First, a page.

Celebrating the Orphan Drug Act’s 35th Anniversary: HP&M Attorneys Author Proposal for Building an FDA Rare Disease Center of Excellence in Advance of EveryLife Foundation Scientific Workshop

September 12, 2018By James E. Valentine & Frank J. Sasinowski

As we celebrate the 35th Anniversary of the Orphan Drug Act (see our 30th anniversary post here), periodic consideration of opportunities to reform and refine the approach to rare disease medical product regulation is warranted – similar to the review that occurred 10 years ago, which resulted in the establishment of the CDER Rare Diseases Program and first FDA public hearing on orphan drugs in June 2010.

In that spirit, Hyman, Phelps & McNamara, P.C.’s Frank Sasinowski (who serves as Vice Chair of the EveryLife Foundation Board of Directors) and James Valentine co-authored a proposal for building an FDA Rare Disease Center of Excellence (COE). The proposal will serve as a discussion document for the upcoming EveryLife Foundation 10th Annual Scientific Workshop. The proposal comes on the heals of the 21st Century Cures Act which provides FDA authority to establish COEs, as well as recent successes with the first COE in oncology.

The onus for this proposal, as well as the Scientific Workshop, is that because of the Orphan Drug Act, which provides incentives to make developing drugs for small numbers of patients financially viable, there has been increased investment in the research and development of medical products (drugs, biologics, and medical devices) to prevent and treat rare diseases, also known as orphan conditions. However, this influx has created unique regulatory challenges for FDA in providing regulatory oversight and in conducting review of marketing applications given that the development of products for these conditions present many unique challenges. There is no separate, lower or lesser legal or regulatory standard for approval of orphan products, so researchers and product developers and FDA alike must confront these issues throughout all phases of development and employ creative approaches to product development and review must be employed.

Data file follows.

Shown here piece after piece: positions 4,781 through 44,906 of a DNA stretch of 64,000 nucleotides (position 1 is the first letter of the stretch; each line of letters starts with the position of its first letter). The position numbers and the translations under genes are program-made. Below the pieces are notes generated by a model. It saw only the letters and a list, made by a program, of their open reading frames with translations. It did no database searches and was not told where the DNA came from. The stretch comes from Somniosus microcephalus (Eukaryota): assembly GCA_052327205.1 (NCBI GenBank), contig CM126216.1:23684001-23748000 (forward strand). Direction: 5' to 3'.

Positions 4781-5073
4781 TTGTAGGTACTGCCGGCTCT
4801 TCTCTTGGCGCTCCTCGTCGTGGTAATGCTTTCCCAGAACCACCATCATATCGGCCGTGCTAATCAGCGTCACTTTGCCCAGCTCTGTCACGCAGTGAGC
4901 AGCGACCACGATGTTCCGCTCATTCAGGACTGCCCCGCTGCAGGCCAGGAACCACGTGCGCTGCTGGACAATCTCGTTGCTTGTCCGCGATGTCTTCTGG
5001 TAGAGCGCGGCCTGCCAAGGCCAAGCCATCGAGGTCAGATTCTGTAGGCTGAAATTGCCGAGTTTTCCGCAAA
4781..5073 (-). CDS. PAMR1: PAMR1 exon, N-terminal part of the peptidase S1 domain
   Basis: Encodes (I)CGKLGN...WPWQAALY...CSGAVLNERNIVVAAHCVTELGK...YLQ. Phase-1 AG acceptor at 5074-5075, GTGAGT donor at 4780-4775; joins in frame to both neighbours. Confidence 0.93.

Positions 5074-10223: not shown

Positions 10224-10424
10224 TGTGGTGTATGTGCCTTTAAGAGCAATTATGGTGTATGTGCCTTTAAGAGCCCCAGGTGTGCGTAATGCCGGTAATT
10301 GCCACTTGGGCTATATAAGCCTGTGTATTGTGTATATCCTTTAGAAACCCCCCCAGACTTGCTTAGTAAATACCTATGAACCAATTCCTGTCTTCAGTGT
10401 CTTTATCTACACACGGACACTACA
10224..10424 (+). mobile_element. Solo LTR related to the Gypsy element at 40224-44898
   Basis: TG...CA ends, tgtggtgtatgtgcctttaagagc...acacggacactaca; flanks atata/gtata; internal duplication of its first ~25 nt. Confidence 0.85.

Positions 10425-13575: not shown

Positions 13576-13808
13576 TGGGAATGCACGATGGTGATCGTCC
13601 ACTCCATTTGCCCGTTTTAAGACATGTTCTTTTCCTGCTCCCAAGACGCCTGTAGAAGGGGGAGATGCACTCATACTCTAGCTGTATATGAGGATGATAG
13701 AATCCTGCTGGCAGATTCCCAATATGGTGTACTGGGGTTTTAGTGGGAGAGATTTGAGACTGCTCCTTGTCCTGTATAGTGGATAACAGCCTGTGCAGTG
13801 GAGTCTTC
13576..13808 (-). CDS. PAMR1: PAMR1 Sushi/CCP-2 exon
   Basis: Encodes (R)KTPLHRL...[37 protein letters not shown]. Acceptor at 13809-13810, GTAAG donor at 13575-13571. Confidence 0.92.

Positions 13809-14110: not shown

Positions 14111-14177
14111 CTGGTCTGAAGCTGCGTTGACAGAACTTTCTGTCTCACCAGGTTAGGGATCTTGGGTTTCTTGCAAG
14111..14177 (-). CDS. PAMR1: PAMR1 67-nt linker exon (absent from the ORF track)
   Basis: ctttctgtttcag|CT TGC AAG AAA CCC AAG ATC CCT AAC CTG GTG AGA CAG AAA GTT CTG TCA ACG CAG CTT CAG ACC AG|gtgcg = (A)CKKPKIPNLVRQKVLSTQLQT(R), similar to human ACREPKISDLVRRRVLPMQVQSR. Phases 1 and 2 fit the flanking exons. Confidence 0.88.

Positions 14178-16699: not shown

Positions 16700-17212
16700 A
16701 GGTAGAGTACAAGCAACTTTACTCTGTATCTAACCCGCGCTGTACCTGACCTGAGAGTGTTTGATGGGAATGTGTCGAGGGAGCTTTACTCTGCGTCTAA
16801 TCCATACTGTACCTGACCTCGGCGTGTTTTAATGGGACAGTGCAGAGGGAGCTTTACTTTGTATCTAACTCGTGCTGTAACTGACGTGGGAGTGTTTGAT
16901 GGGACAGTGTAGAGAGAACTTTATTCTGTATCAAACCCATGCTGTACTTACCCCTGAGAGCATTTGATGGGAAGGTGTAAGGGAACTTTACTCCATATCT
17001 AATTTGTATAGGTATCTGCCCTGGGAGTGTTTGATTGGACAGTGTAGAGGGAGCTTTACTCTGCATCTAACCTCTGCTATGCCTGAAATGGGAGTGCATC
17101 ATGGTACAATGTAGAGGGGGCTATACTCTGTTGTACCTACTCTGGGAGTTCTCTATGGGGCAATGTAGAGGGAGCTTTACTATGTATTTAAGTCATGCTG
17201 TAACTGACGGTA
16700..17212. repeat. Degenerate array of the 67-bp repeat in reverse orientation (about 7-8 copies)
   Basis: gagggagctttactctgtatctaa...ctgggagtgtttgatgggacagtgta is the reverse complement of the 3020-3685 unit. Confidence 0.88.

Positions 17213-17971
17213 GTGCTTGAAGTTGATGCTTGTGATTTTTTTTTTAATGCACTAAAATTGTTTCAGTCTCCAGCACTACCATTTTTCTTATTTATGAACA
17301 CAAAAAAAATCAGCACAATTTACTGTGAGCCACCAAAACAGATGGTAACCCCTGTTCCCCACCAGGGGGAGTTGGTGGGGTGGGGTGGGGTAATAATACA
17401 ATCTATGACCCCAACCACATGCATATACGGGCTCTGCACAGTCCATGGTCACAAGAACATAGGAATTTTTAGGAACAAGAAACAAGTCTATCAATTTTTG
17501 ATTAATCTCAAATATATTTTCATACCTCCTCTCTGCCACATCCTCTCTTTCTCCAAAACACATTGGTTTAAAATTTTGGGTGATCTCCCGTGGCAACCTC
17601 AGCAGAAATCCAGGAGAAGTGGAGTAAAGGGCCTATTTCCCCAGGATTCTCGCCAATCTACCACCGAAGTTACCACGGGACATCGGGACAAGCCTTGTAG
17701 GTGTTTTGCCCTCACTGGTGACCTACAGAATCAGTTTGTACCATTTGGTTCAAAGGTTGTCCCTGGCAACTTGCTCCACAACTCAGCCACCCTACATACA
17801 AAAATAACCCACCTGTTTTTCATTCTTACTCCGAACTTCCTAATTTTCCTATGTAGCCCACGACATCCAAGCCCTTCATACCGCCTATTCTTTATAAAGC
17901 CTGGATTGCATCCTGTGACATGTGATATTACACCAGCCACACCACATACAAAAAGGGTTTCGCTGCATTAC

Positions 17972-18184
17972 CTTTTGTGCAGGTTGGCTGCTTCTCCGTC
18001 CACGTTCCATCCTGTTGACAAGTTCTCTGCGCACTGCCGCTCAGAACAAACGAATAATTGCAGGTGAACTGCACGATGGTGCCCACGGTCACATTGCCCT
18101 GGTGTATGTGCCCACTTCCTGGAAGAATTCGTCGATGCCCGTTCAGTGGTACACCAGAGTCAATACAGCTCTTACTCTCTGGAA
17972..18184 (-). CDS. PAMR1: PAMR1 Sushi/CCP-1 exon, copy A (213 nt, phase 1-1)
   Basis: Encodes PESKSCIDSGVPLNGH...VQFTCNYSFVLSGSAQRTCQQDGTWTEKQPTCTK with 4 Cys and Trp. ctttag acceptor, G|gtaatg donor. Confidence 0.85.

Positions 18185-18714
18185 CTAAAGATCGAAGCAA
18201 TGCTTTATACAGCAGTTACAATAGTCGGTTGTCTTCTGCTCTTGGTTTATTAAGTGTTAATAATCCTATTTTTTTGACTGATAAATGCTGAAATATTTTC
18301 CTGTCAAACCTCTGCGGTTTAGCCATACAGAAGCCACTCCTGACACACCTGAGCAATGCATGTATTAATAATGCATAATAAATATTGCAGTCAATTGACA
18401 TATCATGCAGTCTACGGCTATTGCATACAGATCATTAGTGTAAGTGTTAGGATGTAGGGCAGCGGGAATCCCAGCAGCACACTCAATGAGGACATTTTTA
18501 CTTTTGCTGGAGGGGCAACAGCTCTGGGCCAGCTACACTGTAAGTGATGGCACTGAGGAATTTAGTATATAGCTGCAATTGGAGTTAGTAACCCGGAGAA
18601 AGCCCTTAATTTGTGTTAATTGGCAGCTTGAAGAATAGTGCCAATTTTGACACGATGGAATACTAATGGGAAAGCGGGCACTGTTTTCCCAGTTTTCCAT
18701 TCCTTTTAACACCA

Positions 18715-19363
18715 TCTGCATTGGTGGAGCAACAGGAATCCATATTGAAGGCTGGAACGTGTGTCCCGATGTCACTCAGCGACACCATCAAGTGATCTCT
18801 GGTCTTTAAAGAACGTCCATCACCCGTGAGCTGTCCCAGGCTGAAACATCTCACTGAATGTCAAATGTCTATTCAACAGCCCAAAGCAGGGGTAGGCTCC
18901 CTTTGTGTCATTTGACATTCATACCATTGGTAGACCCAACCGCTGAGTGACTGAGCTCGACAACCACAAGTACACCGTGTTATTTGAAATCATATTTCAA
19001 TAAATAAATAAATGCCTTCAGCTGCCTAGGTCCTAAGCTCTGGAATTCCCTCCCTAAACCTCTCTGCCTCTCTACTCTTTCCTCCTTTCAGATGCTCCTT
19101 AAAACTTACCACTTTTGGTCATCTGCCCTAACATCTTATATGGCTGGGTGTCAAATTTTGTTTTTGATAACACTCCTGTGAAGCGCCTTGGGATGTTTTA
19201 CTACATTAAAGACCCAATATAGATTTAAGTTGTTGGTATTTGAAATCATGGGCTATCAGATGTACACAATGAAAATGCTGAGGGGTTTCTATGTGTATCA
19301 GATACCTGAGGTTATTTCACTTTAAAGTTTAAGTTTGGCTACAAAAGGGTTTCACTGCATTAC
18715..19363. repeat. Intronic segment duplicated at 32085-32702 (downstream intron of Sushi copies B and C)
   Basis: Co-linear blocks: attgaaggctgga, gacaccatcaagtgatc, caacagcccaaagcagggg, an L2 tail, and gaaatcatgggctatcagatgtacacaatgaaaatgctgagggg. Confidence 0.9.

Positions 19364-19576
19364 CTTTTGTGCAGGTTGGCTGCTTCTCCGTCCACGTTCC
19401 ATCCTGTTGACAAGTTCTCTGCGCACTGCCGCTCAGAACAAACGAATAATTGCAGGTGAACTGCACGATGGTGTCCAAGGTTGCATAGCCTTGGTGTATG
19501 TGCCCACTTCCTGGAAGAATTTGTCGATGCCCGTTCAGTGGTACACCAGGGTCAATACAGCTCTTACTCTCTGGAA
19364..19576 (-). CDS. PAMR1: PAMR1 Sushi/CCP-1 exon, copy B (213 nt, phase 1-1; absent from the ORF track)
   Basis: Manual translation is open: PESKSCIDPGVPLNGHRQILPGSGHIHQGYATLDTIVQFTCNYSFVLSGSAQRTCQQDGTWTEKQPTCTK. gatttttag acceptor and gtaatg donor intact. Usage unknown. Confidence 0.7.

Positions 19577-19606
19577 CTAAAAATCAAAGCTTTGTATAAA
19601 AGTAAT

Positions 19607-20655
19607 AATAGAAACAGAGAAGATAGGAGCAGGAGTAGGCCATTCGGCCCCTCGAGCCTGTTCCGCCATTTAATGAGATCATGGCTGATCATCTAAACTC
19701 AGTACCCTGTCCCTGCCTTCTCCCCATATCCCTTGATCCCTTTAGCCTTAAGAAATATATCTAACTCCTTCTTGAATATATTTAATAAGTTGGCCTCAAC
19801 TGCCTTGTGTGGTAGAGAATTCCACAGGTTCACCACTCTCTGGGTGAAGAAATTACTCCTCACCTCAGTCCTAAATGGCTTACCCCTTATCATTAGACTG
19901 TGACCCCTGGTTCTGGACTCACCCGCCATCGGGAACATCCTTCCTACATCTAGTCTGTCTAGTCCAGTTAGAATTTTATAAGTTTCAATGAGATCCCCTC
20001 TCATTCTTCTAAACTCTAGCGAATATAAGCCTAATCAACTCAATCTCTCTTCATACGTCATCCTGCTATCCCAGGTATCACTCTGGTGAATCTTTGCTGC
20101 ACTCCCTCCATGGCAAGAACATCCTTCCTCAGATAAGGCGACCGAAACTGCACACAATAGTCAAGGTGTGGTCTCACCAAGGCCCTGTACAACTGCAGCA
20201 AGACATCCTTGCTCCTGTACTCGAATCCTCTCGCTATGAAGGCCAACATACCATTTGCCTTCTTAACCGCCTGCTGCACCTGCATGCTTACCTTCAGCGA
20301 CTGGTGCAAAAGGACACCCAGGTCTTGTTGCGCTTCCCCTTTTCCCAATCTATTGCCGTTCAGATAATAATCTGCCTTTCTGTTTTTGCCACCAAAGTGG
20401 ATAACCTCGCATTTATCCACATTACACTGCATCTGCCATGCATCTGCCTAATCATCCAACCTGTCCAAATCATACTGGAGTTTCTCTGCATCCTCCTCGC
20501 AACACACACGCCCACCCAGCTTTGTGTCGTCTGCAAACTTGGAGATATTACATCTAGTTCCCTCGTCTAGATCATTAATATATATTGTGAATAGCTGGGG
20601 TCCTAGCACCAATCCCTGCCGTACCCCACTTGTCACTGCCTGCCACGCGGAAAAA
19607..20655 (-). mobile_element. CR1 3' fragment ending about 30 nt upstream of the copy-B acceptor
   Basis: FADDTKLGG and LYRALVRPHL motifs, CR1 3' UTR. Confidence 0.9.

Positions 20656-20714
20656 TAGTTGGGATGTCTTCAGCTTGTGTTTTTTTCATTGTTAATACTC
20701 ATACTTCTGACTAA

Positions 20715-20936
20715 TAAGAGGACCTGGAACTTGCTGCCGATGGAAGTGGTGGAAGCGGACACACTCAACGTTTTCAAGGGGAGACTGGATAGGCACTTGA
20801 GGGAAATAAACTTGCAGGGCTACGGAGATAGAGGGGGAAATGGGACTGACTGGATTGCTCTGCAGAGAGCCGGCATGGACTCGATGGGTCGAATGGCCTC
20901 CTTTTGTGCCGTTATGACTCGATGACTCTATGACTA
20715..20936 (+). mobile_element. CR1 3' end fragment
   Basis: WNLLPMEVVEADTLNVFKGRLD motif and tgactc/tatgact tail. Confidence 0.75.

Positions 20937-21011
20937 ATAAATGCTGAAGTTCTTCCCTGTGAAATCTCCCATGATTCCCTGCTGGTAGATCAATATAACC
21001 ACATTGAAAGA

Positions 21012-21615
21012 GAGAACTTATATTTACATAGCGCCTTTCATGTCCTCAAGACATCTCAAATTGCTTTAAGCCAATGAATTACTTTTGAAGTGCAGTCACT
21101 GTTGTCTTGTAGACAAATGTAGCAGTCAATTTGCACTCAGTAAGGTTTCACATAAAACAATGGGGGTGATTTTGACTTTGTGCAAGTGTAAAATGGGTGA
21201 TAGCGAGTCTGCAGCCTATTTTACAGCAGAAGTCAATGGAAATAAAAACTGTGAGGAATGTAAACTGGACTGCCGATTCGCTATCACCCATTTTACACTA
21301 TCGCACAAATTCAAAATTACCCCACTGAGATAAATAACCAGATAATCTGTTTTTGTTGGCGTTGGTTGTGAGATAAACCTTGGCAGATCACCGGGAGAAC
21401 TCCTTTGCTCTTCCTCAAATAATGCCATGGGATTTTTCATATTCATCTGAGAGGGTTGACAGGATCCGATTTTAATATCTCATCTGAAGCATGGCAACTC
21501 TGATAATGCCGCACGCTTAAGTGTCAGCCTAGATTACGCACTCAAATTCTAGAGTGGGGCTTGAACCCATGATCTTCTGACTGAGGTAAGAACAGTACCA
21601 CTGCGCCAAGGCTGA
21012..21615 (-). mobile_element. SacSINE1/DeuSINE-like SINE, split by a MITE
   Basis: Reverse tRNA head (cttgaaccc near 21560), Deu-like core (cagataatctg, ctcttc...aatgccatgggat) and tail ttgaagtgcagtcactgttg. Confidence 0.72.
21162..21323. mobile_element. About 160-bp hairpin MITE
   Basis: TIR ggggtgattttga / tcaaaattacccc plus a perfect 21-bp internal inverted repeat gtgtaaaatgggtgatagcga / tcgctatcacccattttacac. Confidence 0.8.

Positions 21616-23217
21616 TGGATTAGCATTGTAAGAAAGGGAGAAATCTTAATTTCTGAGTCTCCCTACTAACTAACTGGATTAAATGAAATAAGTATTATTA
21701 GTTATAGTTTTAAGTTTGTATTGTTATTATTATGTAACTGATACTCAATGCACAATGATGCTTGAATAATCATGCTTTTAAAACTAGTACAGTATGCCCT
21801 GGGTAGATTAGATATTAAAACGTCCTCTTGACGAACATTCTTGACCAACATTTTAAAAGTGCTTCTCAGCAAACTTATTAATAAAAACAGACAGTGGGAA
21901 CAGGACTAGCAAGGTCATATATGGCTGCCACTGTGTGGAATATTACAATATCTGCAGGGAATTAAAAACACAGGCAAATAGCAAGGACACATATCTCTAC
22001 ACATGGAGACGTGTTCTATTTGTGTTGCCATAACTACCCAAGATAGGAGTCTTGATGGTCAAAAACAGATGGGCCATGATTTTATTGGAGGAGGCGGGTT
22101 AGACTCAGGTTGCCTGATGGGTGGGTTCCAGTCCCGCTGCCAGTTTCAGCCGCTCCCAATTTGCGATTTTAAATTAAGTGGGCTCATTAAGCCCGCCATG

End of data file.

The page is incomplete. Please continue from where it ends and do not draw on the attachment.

Given the unique challenges and, therefore, the unique expertise needed to advance the development and review of products for rare diseases, a Rare Disease COE would provide the necessary infrastructure to allow centers and offices across FDA to consistently and efficiently review novel products for these conditions. The proposed Rare Disease COE would involve a combination of three overarching organizational changes at FDA:

  1. Establishment of a COE organizational unit within the Office of Medical Products and Tobacco with cross-Center responsibilities
  2. Establishment of a Deputy Director for Rare Diseases within each review office/division across CDER, CBER, and CDRH
  3. Establishment of a Rare Disease Advisory Committee

For more information on the details on the structure, function, and regulatory responsibilities of this Rare Disease COE, you can view the proposal here.

The EveryLife Foundation’s Scientific Workshop, which takes place this Thursday, September 13th from 8:30 am until 4:00 pm has a robust agenda that brings together regulators, patient advocates, academia, industry, and other stakeholders to discuss both progress and continued challenges in the development and review of medical products for rare diseases. The day will culminate with a presentation by Mr. Sasinowski on this proposal for a Rare Disease COE, which will be followed by a panel discussion consisting of:

  • Rich Moscicki, MD, Executive Vice President, PhRMA
  • Paul Melmeyer, Director of Federal Policy, NORD
  • Lucas Kempf, MD, Associate Director Rare Diseases Program, FDA
  • Celia Witten, MD, PhD, Deputy Director, FDA CBER
  • Alan Beggs, PhD, Director, The Manton Center for Orphan Disease Research

The workshop agenda can be found here, and you can register for the webcast is available here.

We hope this proposal and the workshop will initiate a dialogue about such possibilities to jumpstart brainstorming that may result in increased visibility for rare disease therapies and other related developments (e.g., a practical way to enhance and augment the prominence of surrogates and Accelerated Approval).